This treatment works for some people but there are many more sufferers who have chronic irritation and relapses despite this treatment. If the warm compresses and eyelid scrubs are not quite keeping the condition under control there are several other additional treatments that can be used to control the symptoms.

One such treatment that your doctor may decide to use an antibiotic/steroid combination drop or ointment. We usually use these for short periods of time to try to bring the condition under control. They are not good to use chronically because it can build resistant bacteria and the steroid component can cause other eye issues like cataracts and glaucoma. The treatment is very safe for short term use but chronic use is usually not a good option.

There are also antibiotic eyelid scrubs such as Avenova which can be prescribed and used on a more chronic basis.

Oral Doxycycline can also be used more chronically in very low doses. Doxycycline is an antibiotic that when used to treat infections is generally prescribed in a dose of 100mg twice a day. For chronic Blepharitis suffers we generally use a much lower dose of around 50 mg a day. At that dose we are using the Doxycycline to help thin out the mucous production from the eyelid glands more than for it’s antibiotic properties.

In summary, Blepharitis can be a chronic issue that requires some persistent “maintenance” work be done to keep it under control with further intervention sometimes needed for flare-ups.

Article contributed by Dr. Brian Wnorowski, M.D.

The content of this blog cannot be reproduced or duplicated without the express written consent of Eye IQ

Read more: What can I do for my red and itchy eyelids?

Itching, burning, watering, red, irritated tired eyes... what is a person to do? The symptoms aforementioned are classic sign of Dry Eye Syndrome, affecting millions of adults and children. With increased screen time in all age groups, the symptoms are rising.

What causes this? One reason is that when we stare at a computer screen or phone too long, our blink reflex slows way down. A normal eye blinks 17,000 times per day. When our eye functions normally, the body produces enough tears to be symptom free, however, if you live in a geographical area that is dry, or has a high allergy rate, your symptoms could be worse.

Dry eye syndrome can be brought on by many factors: aging, geographical location, lid hygiene, contact lens wear, medications and dehydration. The lacrimal gland in the eye that produces tears, in a person over forty years old, starts slowly losing function. Females with hormonal changes have a higher incidence of DES (dry eye syndrome). Dry, arid climates or areas of extreme allergies lend to higher incidences of DES as well.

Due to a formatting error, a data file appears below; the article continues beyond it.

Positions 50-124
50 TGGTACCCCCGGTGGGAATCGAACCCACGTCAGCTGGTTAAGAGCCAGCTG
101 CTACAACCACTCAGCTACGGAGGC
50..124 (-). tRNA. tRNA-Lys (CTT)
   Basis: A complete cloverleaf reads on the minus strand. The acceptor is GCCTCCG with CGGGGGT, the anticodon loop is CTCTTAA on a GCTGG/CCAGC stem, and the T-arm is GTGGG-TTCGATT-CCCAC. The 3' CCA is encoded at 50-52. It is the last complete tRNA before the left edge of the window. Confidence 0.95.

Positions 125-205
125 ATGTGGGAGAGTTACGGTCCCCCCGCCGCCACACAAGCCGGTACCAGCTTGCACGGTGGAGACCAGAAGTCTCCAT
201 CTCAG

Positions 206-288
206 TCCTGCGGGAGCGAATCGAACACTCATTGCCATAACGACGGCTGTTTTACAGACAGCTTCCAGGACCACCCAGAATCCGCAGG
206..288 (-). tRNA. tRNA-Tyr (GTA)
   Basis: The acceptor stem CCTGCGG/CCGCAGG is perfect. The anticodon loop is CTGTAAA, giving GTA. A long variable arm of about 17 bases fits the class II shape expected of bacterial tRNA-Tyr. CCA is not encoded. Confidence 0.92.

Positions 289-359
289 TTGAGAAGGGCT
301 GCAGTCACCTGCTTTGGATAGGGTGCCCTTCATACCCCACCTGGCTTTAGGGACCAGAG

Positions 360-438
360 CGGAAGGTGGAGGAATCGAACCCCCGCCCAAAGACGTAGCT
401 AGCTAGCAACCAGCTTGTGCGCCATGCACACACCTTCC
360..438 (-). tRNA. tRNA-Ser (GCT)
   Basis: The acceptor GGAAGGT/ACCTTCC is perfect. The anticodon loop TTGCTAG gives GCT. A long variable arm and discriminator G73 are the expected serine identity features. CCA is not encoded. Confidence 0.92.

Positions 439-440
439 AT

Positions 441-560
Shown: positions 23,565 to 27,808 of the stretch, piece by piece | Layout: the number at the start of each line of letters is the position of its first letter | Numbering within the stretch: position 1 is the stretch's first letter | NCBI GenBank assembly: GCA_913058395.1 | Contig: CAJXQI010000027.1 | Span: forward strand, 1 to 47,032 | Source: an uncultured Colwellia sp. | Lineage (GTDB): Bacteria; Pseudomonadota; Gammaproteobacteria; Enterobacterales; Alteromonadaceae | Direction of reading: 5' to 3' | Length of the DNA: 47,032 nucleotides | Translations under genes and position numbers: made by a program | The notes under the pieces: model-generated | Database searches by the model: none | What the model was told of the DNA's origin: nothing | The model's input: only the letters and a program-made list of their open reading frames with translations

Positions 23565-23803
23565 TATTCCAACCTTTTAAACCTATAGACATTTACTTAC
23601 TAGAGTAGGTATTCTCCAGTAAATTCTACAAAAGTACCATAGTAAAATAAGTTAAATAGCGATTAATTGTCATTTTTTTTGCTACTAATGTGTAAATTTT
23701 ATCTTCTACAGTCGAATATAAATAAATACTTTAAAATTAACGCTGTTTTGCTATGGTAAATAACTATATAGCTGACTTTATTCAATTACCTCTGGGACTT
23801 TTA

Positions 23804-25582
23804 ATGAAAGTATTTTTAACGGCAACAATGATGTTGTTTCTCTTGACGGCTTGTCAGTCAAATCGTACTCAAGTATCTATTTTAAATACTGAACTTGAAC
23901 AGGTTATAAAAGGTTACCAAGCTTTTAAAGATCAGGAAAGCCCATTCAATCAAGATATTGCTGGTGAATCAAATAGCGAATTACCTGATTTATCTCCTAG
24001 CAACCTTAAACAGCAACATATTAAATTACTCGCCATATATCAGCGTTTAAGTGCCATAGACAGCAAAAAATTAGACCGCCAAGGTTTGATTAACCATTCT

A condition of the eyelids, called blepharitis, can cause a dandruff like situation for the eye exacerbating a dry eye condition. Contact lenses can add to DES, so make sure you are in high oxygen contact lens material of you suffer from DES. Certain medications such as antihistamines, cholesterol and blood pressure meds, hormonal and birth control medication, and others may cause symptoms of a dry eye. Check with your pharmacist if you are not sure.

And finally, overall dehydration can cause DES. Some studies show we need 1/2 our body weight in ounces of water per day. For example, if you weigh 150 lbs, you need approximately 75 ounces of water per day to be fully hydrated. If you are not at that level, it could affect your eyes.

Treatment for DES is varied, but the main treatment is a tear supplement to replace the evaporated tears. These come in the form of topical ophthalmic artificial tears. Oral agents that can help are Omega 3 supplements such as fish oil or flax seed oil pills. They supplement the function of meibomian glands located at the lid margin. Ophthalmic gels used at night, as well as humidifiers, can add to moisturizing your eyes. Simply blinking hard more often can cause the lacrimal gland to produce more tears automatically.

For stubborn dry eyes, a method of retaining tears on the eye is called punctum plugs. They act like a stopper for a sink, they are painless and can be inserted by your eye care practitioner medically in the office. Moisture chamber goggles are used in severe dry eye patients to hydrate the eyes with their body’s own natural humidity. This may sound far out but it gets the job done.

Being aware of the symptoms and treatments for dry eye syndrome can prevent frustration, and allow your eyes to work more smoothly and efficiently in your daily routine. If your eyes feel dry as the Sahara, or the eyes water too much: know that help is on the way through proven techniques and products. You do not need to suffer needlessly in the case of Dry Eye Syndrome anymore. 

 

The content of this blog cannot be reproduced or duplicated without the express written consent of Eye IQ.

Read more: Eyes feel Like the Sahara Desert : What do I do?

A refraction is a test done by your eye doctor to determine if glasses will make you see better.

The charges for a refraction are covered by some insurances but not all.

For example, Medicare does not cover refractions because they consider it part of a “routine” exam and Medicare doesn’t cover most “routine” procedures - only health-related procedures.

So if you have a medical eye problem like cataracts, dry eyes or glaucoma then Medicare and most other health insurances will cover the medical portion of the eye exam but not the refraction.

Some people have both health insurance, which covers medical eye problems, and vision insurance, which covers “routine” eye care (no medical problems) such as refractions and eyeglasses.

If you come in for a routine exam with no medical eye problems or complaints and you have a vision plan then the refraction is usually covered by your vision insurance.

 

Article contributed by Dr. Brian Wnorowski, M.D.